Ian Duhig’s poem “Unmaking” powerfully brings the boar and his slaughter, his unmaking, into being. I love the details even Wikipedia won’t give you about the boar’s bristles, about boar-hunting spears. I love the language, as well, thurifers and mast. Here’s the poem, which appeared in Poetry London 2010:
Boar-hunting spears have a cross-piece to stop a spitted beast driving up its shaft to the lord, but in the Ritual of Unmaking it holds his cuts; heart, liver, sweetmeats steaming like thurifers.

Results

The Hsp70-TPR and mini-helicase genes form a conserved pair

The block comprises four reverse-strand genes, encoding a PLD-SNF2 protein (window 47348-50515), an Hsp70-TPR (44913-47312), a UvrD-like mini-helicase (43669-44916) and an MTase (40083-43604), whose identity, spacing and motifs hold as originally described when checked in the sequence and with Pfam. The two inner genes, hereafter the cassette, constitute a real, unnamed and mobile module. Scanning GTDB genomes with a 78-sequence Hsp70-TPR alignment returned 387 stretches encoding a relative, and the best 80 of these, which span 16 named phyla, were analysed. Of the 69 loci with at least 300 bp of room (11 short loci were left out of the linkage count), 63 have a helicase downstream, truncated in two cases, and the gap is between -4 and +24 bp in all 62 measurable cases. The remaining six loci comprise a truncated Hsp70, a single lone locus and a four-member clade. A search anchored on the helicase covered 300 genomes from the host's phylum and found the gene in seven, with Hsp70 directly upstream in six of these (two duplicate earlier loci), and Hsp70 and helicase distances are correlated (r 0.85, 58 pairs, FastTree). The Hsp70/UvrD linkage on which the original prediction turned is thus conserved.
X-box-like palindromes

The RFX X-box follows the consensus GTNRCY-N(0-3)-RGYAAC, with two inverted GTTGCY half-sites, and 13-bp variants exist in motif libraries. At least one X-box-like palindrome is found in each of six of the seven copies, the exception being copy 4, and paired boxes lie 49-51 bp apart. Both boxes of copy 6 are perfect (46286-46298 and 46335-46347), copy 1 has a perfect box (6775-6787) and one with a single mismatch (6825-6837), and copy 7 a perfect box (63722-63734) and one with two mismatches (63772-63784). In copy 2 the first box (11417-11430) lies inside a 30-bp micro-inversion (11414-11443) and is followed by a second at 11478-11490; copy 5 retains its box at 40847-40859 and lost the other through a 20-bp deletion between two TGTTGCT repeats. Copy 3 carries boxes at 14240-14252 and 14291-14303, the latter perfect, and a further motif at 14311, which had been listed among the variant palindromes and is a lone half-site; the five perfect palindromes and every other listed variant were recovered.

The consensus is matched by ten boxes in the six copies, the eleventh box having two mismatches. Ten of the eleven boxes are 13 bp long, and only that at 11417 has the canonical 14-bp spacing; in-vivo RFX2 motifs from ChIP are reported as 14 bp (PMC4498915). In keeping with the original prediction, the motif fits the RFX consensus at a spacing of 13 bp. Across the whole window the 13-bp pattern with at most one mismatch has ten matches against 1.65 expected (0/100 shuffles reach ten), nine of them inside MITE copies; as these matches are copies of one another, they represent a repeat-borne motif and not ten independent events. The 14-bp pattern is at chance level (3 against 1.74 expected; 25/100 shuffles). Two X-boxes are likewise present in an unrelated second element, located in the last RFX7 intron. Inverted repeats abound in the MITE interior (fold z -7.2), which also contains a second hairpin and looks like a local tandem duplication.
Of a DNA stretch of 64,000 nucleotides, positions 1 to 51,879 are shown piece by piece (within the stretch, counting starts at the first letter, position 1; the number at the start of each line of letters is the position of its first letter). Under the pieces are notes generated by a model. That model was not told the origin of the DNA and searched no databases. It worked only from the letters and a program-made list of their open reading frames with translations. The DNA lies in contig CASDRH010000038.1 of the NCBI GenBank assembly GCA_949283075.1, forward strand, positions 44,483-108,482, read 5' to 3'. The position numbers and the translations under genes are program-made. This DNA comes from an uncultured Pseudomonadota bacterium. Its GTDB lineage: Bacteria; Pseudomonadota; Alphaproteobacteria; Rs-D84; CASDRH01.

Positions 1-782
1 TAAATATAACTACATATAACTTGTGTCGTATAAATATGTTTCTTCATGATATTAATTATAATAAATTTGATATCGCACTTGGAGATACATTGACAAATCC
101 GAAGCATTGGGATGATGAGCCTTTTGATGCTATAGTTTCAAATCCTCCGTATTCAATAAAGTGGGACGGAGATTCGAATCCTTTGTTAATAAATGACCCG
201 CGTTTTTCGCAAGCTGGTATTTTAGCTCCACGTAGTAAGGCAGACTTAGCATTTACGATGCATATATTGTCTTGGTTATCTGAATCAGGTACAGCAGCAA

The inside of the boar’s skin serves as tablecloth to feast the lord’s hounds on humbles and lights, while a retained poet, silken in words and livery, furnishes all his lord’s kills lavishly with meanings.
When rubbed the wrong way, their living bristles stab back. Gorged on mast and fruit in ferment, they brawl among themselves, can gut a horse. Tusky tusky, they whisper, which means nothing.
by Ian Duhig